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Conan the Barbarian
Basil Poledouris
Varese Sarabande

Long a fan of mythology, Gregorian chant, and large orchestra/choral scoring, composer Basil Poledouris was afforded a unique opportunity to combine these elements in Conan The Barbarian. The resulting score captures a sense of epic mythology and spirituality, somewhat akin to the film music of Prokofiev and Miklos Rozsa, but with a more percussive, pagan flavor.

The opening track "Anvil of Crom," a propulsive introduction of the main theme (featuring 24 french horns!), is followed up by the even more impressive "The Riders of Doom," with its surging, furious choral writing. A gentler folk music sound is heard in "Theology/Civilization," while Poledouris unleashes a rush of passion with his love theme, "Wifeing," a song which appears later in a more tragic guise in "Funeral Pyre." The climax, "Battle of the Mounds," returns the listener to the powerful battle music, where Poledouris employs the medieval "Dies Irae" before giving way to a heroic finale.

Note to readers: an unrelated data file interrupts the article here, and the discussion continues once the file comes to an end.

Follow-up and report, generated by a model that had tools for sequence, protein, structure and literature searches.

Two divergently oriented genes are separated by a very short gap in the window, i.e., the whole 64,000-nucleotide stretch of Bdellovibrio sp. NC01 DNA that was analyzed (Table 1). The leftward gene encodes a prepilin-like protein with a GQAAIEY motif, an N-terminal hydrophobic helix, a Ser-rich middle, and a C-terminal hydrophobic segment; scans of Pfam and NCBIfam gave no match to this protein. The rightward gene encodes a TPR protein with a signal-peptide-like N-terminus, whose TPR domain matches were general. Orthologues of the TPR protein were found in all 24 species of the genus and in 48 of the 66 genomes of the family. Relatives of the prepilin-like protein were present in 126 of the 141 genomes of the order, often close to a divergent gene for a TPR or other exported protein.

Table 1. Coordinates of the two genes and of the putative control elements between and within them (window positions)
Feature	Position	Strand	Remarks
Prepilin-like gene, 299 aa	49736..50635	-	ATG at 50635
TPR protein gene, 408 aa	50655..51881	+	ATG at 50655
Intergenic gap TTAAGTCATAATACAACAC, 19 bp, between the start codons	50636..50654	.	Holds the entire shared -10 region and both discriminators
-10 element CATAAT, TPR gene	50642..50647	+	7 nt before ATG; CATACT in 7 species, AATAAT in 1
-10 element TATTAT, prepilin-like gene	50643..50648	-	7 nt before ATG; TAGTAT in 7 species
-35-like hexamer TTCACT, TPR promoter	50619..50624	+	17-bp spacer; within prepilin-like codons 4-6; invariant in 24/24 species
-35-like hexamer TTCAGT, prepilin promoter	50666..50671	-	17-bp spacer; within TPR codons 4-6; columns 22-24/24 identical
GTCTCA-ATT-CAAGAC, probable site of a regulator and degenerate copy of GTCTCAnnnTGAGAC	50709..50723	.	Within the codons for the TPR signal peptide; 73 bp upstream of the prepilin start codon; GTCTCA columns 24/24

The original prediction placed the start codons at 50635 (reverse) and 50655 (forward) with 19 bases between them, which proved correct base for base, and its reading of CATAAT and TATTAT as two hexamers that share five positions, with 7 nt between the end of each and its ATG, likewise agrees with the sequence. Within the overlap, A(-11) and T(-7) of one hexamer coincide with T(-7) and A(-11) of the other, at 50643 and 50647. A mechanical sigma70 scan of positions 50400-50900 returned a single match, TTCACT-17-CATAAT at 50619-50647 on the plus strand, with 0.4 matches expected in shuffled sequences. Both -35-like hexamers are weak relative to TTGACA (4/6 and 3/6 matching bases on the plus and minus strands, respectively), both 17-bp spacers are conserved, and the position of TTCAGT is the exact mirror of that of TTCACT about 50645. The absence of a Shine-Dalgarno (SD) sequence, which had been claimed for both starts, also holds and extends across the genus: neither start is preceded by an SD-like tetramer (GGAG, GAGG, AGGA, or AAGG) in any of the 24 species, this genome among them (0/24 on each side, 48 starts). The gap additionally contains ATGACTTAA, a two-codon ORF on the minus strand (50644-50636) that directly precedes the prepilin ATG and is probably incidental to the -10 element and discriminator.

Performed by the orchestra and chorus of Santa Cecilia, Rome, the playing is passionate, if a bit ragged, as is often the case with Italian orchestras. (Poledouris actually wanted the London Symphony Orchestra to play but was told by the producer that they were too expensive). Still, the sheer invention and passion of the music transcends any shortcomings of performance and stands as an impressive musical entity on its own.

— Paul Andrew MacLean

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